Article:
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Characterisation of native Trypanosomes and other protozoans in the Australian marsupials the Quokka (Setonix brachyurus) and the Gilbert's Potoroo (Potorus gilbertii)

Austen, JillORCID: 0000-0002-1826-1634 (2015) Characterisation of native Trypanosomes and other protozoans in the Australian marsupials the Quokka (Setonix brachyurus) and the Gilbert's Potoroo (Potorus gilbertii). PhD thesis, Murdoch University.

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Trypanosomes are blood-borne parasites that can cause severe disease in both humans and animals, resulting in very large economic losses worldwide. In contrast to the wealth of information on pathogenic species such as Trypanosoma cruzi and Trypanosoma brucei, little is known of the pathogenicity, prevalence and life-cycles of trypanosomes in native Australian mammals. The aim of this thesis was to characterise trypanosomes and other protozoans from the critically endangered Gilbert’s potoroo (Potorous gilbertii) and the quokka (Setonix brachyurus) from Western Australia using morphological and molecular analysis.

A novel Trypanosoma species, Trypanosoma copemani was identified in Gilbert’s potoroos and quokkas using molecular and morphological analysis. Further molecular characterisation of T. copemani in quokkas at both the 18S rRNA and glyceraldehyde-3-phosphate dehydrogenase (GAPDH) loci identified multiple T. copemani genotypes revealing that the parasite is genetically variable. Given the phylogenetic grouping of T. copemani as a stercorarian (requiring faecal transmission by vector), the fact that ticks are common ectoparasites of Gilbert’s potoroos and quokkas and the previous identification of trypanosomes in ticks, ticks were examined as potential vectors of T. copemani. Motile trypanosomes were detected in both the haemolymph and midgut sections of Ixodes australiensis ticks removed from quokkas and Gilbert’s potoroos and stained trypanosomes were detected within a faecal smear. Morphologically, the tick trypanosomes resembled in vitro forms of T. copemani, representing epimastigotes and slender trypomastigote stages, with dividing stages detected within the midgut region. Molecular analysis of the tick isolates, showed 100% sequence identity to T. copemani at the 18S rRNA locus, suggesting that the tick is a putative vector for T. copemani.

Investigation of the life-cycle stages of native Australian trypanosomes using microscopy and in vitro culture of blood from quokkas and Gilbert’s potoroos revealed that native Australian trypanosomes are highly polymorphic, with three different trypomastigote blood stream forms detected within blood films, resembling slender, medium and broad stages. In addition, promastigote, sphaeromastigote and amastigote stages were observed directly within blood films and this is the first report of these stages in the circulatory system of Australian marsupials. Three novel trypanosome life-cycle forms representing an oval form, an extremely thin form and an adherent form were also identified both in vitro and in vivo, while a novel tiny form and a novel circular form were only detected in culture. Trypanosoma vegrandis was also detected for the first time in one quokka isolate (Q1340) and confirmed using species-specific primers.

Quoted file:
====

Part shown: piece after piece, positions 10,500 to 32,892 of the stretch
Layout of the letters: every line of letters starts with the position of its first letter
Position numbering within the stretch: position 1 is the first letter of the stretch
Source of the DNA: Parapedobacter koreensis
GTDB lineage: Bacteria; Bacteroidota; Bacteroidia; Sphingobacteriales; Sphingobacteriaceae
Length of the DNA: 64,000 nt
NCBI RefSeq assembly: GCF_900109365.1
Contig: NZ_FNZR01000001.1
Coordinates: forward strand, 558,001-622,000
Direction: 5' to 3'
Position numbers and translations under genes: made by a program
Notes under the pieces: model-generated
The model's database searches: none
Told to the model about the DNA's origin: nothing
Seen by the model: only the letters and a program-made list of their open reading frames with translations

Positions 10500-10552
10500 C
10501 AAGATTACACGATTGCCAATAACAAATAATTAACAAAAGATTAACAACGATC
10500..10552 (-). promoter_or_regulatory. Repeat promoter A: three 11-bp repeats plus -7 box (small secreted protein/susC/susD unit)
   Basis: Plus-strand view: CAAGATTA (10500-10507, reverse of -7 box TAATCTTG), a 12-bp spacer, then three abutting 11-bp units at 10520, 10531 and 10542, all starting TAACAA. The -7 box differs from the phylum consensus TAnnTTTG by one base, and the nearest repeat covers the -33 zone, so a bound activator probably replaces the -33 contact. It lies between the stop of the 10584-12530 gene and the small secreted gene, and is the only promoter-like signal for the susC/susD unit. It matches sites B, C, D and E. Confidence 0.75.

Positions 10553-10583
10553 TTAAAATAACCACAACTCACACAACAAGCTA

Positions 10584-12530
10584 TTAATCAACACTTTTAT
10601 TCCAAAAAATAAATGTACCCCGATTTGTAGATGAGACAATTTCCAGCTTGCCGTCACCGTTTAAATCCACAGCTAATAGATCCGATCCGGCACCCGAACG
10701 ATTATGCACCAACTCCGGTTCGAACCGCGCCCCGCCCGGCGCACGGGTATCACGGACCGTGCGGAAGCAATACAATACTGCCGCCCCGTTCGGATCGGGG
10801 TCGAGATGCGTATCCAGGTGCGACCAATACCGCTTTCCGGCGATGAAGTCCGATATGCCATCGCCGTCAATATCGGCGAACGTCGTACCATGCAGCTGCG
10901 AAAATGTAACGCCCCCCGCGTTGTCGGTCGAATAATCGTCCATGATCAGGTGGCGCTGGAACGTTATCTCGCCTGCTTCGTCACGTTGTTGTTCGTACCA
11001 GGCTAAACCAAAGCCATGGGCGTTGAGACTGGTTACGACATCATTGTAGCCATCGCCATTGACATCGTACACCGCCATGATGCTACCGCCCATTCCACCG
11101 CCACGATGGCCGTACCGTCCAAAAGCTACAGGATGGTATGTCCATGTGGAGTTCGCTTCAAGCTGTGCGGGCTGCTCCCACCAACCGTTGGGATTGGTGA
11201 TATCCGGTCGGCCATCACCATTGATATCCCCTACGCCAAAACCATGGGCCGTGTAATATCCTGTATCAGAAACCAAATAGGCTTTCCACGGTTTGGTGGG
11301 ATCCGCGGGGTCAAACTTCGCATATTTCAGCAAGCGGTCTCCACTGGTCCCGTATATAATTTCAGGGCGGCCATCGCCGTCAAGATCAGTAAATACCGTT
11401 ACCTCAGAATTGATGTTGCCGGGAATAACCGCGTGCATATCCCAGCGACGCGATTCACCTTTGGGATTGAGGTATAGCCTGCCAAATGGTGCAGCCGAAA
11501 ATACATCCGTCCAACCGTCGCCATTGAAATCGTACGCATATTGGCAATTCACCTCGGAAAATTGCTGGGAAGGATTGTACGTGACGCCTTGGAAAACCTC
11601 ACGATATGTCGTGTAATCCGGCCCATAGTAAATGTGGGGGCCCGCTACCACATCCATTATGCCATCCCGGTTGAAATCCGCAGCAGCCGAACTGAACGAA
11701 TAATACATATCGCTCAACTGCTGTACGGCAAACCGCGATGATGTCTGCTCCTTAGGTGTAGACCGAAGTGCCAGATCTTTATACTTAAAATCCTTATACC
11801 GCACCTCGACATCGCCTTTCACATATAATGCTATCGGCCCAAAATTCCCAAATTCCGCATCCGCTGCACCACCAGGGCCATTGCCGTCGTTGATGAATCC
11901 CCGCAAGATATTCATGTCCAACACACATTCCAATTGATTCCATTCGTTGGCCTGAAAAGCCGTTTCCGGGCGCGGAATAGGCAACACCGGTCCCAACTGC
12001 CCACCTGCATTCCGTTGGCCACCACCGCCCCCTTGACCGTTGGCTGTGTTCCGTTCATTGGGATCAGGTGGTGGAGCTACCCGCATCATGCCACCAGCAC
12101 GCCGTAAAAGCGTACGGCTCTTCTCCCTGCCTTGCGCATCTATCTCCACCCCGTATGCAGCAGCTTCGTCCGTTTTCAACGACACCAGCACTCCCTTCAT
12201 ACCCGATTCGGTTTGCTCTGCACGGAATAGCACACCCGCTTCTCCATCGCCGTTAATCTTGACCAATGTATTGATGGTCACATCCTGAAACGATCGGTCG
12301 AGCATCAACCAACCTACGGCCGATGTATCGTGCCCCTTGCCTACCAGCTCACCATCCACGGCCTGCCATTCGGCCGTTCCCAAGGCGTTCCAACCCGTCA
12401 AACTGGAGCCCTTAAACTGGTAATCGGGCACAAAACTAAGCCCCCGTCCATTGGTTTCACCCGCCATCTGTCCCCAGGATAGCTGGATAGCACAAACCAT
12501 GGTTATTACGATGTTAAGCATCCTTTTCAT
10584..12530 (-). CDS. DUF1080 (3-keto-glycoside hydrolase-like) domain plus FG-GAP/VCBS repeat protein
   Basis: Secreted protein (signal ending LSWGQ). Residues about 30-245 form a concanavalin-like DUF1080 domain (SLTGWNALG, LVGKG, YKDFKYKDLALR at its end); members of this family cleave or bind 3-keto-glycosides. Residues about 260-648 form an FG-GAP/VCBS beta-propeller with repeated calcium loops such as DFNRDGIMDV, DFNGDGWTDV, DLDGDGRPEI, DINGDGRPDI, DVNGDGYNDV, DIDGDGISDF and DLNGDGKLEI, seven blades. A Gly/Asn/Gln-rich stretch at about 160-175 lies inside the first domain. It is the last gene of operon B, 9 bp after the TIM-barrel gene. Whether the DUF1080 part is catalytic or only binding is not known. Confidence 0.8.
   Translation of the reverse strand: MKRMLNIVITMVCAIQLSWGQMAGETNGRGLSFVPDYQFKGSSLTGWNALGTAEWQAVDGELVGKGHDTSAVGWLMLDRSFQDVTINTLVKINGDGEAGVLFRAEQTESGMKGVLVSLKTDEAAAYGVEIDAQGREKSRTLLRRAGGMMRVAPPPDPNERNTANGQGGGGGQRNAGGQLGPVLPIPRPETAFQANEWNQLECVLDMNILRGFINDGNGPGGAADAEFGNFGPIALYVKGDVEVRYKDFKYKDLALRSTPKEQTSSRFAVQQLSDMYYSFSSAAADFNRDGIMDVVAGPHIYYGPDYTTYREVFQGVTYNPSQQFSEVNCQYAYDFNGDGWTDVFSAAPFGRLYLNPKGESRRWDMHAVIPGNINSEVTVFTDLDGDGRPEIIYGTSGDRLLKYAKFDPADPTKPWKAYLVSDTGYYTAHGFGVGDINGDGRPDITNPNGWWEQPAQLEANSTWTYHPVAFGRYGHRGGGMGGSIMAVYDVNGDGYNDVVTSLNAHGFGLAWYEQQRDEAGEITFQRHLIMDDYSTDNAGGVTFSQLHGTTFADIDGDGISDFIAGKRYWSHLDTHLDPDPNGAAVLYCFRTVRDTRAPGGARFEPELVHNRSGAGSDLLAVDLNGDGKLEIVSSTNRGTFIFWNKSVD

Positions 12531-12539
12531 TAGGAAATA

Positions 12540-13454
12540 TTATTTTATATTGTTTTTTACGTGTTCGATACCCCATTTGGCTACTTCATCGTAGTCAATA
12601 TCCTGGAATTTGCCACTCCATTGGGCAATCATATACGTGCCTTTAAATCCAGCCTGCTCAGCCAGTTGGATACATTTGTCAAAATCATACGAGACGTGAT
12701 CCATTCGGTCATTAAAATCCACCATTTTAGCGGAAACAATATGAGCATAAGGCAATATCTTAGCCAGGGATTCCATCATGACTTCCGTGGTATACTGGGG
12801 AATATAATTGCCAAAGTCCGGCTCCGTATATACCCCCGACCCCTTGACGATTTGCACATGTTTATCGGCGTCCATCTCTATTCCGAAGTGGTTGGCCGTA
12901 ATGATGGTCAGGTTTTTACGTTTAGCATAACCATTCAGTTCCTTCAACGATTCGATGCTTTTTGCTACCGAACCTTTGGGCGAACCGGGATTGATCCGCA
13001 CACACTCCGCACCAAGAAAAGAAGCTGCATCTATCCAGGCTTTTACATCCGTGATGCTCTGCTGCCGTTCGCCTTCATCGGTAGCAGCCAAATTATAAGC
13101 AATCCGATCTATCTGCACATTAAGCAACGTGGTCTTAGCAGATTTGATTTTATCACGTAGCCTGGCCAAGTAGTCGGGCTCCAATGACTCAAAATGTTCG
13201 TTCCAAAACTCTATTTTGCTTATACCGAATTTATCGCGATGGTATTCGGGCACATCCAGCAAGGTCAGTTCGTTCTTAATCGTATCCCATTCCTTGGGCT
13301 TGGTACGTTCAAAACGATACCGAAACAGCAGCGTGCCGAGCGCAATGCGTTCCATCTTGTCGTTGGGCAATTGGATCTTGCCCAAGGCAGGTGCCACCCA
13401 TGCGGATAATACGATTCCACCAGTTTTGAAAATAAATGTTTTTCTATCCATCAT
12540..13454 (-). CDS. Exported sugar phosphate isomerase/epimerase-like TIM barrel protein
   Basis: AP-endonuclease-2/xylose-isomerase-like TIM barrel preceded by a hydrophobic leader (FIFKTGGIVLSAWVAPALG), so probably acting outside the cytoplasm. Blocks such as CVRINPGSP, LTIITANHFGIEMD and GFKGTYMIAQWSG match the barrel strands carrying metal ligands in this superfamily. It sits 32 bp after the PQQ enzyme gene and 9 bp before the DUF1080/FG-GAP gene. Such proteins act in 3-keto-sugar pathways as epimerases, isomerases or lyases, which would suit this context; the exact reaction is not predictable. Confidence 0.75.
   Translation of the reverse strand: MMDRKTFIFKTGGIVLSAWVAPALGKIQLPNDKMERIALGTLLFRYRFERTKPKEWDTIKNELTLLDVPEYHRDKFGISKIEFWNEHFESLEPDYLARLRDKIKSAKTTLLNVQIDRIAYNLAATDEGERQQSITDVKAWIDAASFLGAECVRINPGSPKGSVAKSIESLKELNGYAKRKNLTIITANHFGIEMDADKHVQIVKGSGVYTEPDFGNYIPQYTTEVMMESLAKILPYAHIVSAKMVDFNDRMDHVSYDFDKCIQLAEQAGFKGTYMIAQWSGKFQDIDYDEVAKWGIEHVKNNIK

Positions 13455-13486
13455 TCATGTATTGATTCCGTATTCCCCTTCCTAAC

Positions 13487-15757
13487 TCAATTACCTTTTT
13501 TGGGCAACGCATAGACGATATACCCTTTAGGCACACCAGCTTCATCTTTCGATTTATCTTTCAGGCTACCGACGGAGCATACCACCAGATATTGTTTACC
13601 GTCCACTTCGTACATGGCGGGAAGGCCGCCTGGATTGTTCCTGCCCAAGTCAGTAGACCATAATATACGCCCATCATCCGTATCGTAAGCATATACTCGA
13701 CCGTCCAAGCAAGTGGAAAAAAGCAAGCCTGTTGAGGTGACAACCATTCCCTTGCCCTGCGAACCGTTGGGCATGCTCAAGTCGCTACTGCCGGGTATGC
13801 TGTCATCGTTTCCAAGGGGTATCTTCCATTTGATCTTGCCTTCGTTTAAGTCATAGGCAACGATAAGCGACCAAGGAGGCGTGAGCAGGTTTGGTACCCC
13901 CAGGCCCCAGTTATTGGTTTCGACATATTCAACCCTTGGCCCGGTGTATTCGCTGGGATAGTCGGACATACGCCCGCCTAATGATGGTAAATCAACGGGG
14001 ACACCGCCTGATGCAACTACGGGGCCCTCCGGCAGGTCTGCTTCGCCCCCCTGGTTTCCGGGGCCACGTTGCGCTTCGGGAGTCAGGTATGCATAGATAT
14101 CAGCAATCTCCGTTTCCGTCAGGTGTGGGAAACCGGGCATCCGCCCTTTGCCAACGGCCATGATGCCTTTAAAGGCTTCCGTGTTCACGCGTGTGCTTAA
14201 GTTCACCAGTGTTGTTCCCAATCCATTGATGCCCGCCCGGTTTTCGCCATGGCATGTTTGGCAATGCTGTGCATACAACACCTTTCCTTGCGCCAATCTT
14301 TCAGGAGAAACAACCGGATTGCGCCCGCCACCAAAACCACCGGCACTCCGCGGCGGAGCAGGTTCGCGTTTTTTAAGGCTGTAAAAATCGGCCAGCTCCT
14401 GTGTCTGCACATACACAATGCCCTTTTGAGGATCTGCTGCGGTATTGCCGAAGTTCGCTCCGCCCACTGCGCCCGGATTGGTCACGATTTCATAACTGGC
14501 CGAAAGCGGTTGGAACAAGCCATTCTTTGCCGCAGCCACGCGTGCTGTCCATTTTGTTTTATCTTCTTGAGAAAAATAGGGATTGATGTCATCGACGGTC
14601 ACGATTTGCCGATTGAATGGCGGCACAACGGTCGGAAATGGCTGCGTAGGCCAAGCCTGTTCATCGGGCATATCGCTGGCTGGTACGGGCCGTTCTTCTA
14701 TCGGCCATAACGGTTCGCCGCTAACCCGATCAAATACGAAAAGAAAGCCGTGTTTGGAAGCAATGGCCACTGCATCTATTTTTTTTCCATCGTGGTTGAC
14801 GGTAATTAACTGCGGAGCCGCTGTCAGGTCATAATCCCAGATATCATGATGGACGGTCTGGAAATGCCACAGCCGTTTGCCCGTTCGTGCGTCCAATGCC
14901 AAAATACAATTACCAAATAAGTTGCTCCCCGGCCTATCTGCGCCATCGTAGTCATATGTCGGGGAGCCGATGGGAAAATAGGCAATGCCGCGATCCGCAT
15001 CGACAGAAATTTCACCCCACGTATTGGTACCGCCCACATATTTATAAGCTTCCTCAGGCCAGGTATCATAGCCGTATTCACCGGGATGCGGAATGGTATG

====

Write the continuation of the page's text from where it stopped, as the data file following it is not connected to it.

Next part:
As tourists and quokkas on Rottnest Island have a close relationship, the zoonotic potential of T. copemani was investigated by determining the relative susceptibility of T. copemani to human serum using the blood incubation infectivity test. Trypanosoma copemani was observed by microscopy in all human blood cultures from day 5 to day 14 post inoculation. The mechanism for normal human serum resistance in T. copemani is not known. The results of this thesis show that at least one native Australian trypanosome species may have the potential to infect humans.

In addition to blood, quokka faecal samples were also collected to investigate the prevalence of Eimeria by PCR screening of faecal samples from three quokka populations, Two Peoples Bay, Bald Island and Rottnest Island, respectively. The PCR prevalence of Eimeria was 62.5%, 85.0% and 78.3% for these three locations respectively. Two Eimeria species were identified based on morphometric analysis from sporulated oocysts, Eimeria quokka and Eimeria setonicis, with the majority of quokkas co-infected with both species. Singular infections, however, were identified in a few individuals allowing molecular analysis to be performed using both the 18S rRNA and cytochrome c oxidase subunit 1 genes. Phylogenetic analysis grouped E. quokka and E. setonicis within the Eimeria marsupial clade. This study is the first one to characterise E. quokka and E. setonicis by molecular analyses, enabling more extensive resolution of evolutionary relationships among marsupial-derived Eimeria species.

Overall this study has characterised the novel T. copemani in both the quokka and the Gilbert’s potoroo and has shown T. copemani to be both morphologically and genetically variable. This is a stercorarian trypanosome, transmitted through vector faecal contamination and may potentially be infectious to humans. The findings of this thesis highlight the complexity of Australian trypanosomes and provide insights into the prevalence, potential pathogenicity and human infectivity of this novel parasite. Further research is required to assess the role of trypanosome infection on marsupial population dynamics and the implications for management and conservation.

Item Type: Thesis (PhD)
Murdoch Affiliation(s): School of Veterinary and Life Sciences
Supervisor(s): Ryan, Una, Friend, Tony, Reid, Simon and Ditcham, William
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